Sunday, September 11, 2011

Telling People - Part 2

One of my challenges going through this has been figuring how and what to tell my daughters about all this, particularly the older one.  She's 13 and I can imagine that this could be something very scary and/or confusing.   She was away at her Dad's for most of the summer, so I didn't want to drop all this info on right away when she got home, but I wanted to give her enough advance notice that the event wouldn't seem shocking and last minute.

The four of us went to lunch yesterday (we got Subway and took it to the park).  After eating, my older daughter and I left in one car and went to get some icecream.  In my head I had planned to tell her while we ate icecream, but then as I was sitting there eating my icecream, watching her eat her icecream, I realized this wasn't the best idea.  I had alot of talking to do and my icecream was melting quickly.  So I waited until we were back in the car, just started talking.  I'm glad I had some practice in advance. 

I told her that we found out I had a "condition" which made me very likely to get breast cancer.  I explained the increased risk.  Her eyes widened when I told her 84%.   I explained that I was going to have surgery to reduce the risk, and I explained what the surgery would be.  She seemed to understand.  She didn't seem overwhelmed by it, and I let her know that if she has any questions at all to feel free to ask.  She mentioned that her Aunt (her Dad's step sister) had breast cancer, and had lost her hair. and I said, "so you can understand why I would want to prevent that right?" and she said, yes, she didn't want anyone else in her family to have to have cancer.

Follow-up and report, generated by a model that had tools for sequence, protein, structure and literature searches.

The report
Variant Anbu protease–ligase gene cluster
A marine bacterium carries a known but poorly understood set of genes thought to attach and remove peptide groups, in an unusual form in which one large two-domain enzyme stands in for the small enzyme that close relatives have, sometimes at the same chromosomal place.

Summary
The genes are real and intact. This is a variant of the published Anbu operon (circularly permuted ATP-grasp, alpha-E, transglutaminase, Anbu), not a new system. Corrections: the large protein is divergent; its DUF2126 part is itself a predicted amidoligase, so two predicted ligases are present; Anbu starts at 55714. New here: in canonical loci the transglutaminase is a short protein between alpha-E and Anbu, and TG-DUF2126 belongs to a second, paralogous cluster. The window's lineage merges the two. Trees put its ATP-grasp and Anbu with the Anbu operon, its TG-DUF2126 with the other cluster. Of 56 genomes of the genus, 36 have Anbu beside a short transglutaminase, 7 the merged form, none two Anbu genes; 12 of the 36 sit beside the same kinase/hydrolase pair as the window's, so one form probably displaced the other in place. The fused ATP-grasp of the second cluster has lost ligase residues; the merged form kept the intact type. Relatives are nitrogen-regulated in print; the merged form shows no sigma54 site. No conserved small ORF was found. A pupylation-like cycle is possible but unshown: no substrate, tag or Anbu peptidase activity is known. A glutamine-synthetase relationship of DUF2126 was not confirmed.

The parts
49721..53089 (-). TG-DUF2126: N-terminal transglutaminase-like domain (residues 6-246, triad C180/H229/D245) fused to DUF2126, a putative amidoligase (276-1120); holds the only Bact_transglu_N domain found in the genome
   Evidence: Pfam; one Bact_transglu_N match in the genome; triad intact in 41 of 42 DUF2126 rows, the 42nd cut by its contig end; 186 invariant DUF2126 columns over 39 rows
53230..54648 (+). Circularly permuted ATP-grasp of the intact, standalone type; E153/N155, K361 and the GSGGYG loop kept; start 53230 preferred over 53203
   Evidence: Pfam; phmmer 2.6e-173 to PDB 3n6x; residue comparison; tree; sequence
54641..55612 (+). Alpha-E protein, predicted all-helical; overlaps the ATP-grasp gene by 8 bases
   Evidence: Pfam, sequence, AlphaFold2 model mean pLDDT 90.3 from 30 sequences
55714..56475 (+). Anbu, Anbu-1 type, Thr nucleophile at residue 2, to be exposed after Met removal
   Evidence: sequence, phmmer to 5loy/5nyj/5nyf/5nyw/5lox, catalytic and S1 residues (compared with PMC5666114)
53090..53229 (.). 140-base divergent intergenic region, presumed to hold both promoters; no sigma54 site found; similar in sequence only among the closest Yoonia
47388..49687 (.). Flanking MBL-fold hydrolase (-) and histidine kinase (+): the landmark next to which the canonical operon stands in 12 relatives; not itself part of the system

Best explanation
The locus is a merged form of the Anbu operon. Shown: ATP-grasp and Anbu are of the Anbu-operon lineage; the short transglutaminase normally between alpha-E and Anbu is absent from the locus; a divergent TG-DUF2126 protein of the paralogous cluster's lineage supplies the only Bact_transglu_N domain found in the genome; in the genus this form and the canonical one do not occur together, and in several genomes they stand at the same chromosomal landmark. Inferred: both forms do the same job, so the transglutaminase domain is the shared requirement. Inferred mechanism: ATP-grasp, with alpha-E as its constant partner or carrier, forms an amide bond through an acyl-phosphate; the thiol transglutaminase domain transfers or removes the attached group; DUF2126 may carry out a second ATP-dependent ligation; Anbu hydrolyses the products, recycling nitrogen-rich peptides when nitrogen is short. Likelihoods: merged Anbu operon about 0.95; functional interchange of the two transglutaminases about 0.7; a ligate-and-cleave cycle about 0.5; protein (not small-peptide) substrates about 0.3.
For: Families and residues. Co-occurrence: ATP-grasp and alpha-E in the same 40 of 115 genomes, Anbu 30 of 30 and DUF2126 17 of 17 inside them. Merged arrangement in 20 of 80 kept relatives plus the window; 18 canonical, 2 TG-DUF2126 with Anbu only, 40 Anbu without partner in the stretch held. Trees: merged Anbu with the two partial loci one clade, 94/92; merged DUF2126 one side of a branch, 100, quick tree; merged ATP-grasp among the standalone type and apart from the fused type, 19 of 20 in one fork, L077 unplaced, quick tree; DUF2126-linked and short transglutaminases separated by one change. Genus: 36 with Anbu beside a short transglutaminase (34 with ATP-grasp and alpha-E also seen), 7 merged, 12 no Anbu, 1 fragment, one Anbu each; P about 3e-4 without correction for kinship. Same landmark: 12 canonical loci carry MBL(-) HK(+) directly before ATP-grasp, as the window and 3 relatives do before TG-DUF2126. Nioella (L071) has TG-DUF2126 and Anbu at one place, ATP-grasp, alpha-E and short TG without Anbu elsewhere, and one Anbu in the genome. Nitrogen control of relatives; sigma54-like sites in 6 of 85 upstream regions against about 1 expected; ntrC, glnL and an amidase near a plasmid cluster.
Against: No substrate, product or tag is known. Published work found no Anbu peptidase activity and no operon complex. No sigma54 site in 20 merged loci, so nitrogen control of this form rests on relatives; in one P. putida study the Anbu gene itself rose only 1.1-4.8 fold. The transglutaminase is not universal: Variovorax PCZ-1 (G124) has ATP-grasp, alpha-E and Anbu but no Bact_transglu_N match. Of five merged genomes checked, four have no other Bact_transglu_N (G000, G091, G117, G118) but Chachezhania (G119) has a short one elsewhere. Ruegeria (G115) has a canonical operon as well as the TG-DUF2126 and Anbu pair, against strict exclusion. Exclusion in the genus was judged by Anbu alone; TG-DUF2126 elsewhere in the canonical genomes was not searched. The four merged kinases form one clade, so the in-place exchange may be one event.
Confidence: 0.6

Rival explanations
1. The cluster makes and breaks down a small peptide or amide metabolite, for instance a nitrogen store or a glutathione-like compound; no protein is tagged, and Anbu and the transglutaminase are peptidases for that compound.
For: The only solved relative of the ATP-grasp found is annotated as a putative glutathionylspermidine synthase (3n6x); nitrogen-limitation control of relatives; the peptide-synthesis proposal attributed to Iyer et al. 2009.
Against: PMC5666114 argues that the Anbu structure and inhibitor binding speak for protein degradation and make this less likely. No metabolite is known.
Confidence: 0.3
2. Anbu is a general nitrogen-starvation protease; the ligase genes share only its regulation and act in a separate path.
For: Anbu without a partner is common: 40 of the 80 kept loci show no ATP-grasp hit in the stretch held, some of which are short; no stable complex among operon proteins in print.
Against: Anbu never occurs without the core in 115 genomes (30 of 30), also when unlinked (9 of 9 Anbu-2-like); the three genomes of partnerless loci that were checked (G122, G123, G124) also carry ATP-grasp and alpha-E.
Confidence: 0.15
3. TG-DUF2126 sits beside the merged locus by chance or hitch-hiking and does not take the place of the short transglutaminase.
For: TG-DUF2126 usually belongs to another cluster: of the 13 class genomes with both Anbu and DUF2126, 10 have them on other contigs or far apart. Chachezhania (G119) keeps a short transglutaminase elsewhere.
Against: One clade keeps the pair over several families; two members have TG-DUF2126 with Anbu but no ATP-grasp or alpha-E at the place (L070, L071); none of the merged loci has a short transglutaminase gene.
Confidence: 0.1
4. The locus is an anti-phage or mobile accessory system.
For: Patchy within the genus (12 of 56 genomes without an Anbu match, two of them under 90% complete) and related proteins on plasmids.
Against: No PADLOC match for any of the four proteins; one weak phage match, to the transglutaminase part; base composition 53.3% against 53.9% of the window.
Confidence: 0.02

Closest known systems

I explained a little more about the surgery and that I would be in the hospital for a few days, and out of work for about 6 weeks, and that I wouldn't be able to do much at all for the first couple weeks.  I told her that I might have drains that might look really weird.  I told her I was telling her all of this so that she wouldn't be suprised when I got back.  She indicated she's seen grosser things in movies and didn't think she'd be too bothered by the drains.

I also told her about what our plan was to tell our younger daughter, and that her help would be appreciated in helping this not seem scary.

I feel like this was "the big one" as far as people I have to tell for now.  And of course this is only part of it.  The rest will come years from now, when I have to tell each of my daughters as adults.

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